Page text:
Justin’s note: As regular readers know, our in-house commodities expert David Forest sees trouble brewing. But this isn’t a time to panic… in fact, savvy commodity investors should be looking forward to a crisis.
On Saturday, Dave showed us which specific metals are the best bets to profit on before, during, and after a crisis.
In today’s interview, Dave shares which metal will be the biggest winner of them all… the only one that will produce steady gains during all three stages…
Justin: Dave, I understand that you see a financial crisis on the horizon. What are you seeing right now that suggests this?
Dave: First and foremost, this bull market in U.S. stocks is over 10 years old now. And bull markets, as you know, don’t go on forever. They always come to an end.
We’re also seeing a lot of flashing red lights, or ominous indicators. For example, a rise in the Japanese yen, which in the past has coincided with times of financial trouble as the yen is seen as a safe haven by investors.
When I was in Tokyo in 2008, one of the biggest news items in local papers was the rising local currency. During the financial crisis, investors bought yen to protect themselves – causing it to rise 30% against other major currencies like the euro in just a few months.
And – although it’s not getting much press – the yen is slowly on the rise now. It’s up 4% against the dollar since November 1, only five months ago… a huge move for a currency.
To be fair, that sudden rise has simply brought the yen back to the level it enjoyed early in 2018. But a jump that far that fast is a sign that we need to be thinking about what might happen if another crisis hits.
And the rising yen isn’t the only troubling sign.
As you know, personal and corporate debt continues to pile up. Household debt is reaching unprecedented levels. It just topped $13.5 trillion in 2018, a new record.
We saw a huge run-up in debt before the last financial crisis. And none of those problems were fixed. They all just got kicked down the road.
Then, there’s the inverted yield curve. That’s the spread between long-term and short-term Treasuries – when that spread goes negative, it has historically meant that we’re in, or about to enter, a recession. The spread between the 10-year and 3-month Treasury yields has plunged to almost zero in recent months, threatening to go negative.
So a lot of red flags are popping up at the same time. This suggests that we could be nearing the end of the bull market in stocks… as well as the business cycle.
Justin: What does all this mean for commodities?
Dave: Here’s the thing about commodities. They tend to do well in the late stages of the business cycle.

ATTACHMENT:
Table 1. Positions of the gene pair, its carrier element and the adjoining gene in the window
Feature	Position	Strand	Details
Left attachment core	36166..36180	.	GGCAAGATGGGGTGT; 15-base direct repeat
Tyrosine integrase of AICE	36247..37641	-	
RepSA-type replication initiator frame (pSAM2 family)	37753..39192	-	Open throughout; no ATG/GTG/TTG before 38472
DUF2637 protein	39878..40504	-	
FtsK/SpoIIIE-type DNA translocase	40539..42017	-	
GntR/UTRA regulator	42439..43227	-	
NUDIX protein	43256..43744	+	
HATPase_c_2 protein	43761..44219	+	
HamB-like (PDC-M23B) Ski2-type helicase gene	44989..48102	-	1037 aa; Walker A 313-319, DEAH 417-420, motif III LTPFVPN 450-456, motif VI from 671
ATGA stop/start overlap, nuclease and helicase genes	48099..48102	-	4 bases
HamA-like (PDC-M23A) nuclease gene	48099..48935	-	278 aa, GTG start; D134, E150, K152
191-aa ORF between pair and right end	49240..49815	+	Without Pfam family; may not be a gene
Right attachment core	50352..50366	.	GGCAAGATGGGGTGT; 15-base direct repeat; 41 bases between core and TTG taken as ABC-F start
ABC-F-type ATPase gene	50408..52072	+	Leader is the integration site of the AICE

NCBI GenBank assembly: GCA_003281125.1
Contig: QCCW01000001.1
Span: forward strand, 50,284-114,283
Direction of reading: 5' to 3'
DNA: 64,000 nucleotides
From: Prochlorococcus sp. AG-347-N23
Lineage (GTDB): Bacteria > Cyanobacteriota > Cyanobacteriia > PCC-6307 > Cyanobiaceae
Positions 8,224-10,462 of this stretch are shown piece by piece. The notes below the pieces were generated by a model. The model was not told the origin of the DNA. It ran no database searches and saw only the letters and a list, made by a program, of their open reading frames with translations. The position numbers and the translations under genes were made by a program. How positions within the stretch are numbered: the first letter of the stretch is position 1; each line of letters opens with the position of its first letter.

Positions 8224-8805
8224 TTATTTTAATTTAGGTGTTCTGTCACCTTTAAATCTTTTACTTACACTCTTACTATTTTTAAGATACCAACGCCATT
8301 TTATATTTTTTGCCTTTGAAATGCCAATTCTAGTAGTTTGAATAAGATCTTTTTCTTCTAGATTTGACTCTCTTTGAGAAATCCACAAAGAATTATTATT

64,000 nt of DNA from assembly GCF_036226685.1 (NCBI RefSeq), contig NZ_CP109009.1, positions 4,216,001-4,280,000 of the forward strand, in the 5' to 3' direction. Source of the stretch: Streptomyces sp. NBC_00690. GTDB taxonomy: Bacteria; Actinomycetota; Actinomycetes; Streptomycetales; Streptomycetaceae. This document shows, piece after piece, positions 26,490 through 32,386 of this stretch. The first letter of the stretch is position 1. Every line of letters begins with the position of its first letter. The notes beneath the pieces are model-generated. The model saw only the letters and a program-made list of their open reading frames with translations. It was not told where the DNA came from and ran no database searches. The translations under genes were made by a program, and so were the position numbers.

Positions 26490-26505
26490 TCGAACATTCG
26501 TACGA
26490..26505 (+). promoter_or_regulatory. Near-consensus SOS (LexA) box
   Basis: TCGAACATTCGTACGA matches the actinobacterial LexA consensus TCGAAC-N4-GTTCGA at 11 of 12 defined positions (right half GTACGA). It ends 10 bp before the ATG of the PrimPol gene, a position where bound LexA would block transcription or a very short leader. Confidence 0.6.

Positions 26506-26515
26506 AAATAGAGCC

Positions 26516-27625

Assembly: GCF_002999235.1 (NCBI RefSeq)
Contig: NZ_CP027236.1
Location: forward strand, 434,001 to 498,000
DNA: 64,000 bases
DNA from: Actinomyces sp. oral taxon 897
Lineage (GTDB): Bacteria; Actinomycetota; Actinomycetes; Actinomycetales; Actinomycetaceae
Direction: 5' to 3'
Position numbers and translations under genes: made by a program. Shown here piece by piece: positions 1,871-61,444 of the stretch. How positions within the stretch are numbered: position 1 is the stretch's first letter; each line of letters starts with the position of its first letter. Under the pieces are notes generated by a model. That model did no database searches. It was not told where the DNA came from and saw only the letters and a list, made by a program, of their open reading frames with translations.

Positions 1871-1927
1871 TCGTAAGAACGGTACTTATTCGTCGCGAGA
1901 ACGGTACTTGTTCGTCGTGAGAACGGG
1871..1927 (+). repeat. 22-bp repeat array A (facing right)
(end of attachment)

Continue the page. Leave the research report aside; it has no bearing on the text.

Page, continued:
Heading into the last financial crisis, gold had a huge spike. Platinum and oil also went on big runs. So spikes in certain commodities can often indicate that we’re in the late stages of the business cycle.
We’re seeing that again. Certain commodities are showing signs of life. Palladium – the sister metal to platinum – just had a huge run. It topped $1,600 a few weeks ago, which was an all-time high.
Oil is coming back. West Texas Intermediate crude is up 50% since late December.
Gold also had a notable bump, rising from $1,200 per ounce in late 2018 to above $1,300.
These aren’t the sorts of huge runs we saw in 2007. But certain commodities are coming back to life.
Justin: So should investors be positioning themselves in commodities right now? Or should they be moving to cash?
Dave: That’s a great question. My team and I looked into this recently. We analyzed how certain metals – major base metals, minor base metals, and precious metals – fared before, during, and after the last four big financial crises.
We found that you need to be very selective about what commodities you own. You especially want to be careful with how much exposure you have to base metals like copper and zinc. These metals tend to get hit hard during financial crises.
One reason for this is that there’s a lot of paper investment in copper. In other words, its price isn’t just a reflection of its actual use. Many people are speculating on it. Those people will liquidate their positions if there’s trouble. So I’d be very careful with copper exposure these days.
But there are some base metals that fare better. Historically, battery metals like vanadium and cobalt didn’t perform nearly as badly during crises because they don’t have that kind of speculative element in the market.
Justin: Interesting. So are there metals that have historically done well during crises? I have a feeling you’re going to say gold.
Dave: Yeah. As you suspect, gold is a good place to invest in before and during crises. Based on our research, gold outperformed all the other precious metals. It tends to perform really well ahead of financial crises. For example, gold had a huge run in 2007 and 2008, rising over 50% in under 12 months.
So gold is a perfect place to hide if you think there’s a crisis on the horizon. You could make a lot of money in the period leading up to the crash. If you sit on the sidelines, you’re going to miss that.
We also found that gold held its value well through crashes. It was almost even.
Justin: What about gold stocks? How have they historically fared before and during major crises?
Dave: Right. Gold stocks will take a bigger hit than the physical metal if there’s a crash.
But the stocks do tend to rebound quickly – faster than the broad market – because the physical metal price stays pretty steady.
Look at what happened in 2008. There was a big crash. All the stocks got crushed in September and October. But the gold index basically completely recovered by 2009. Many gold stocks went on to have a big run right up until 2012.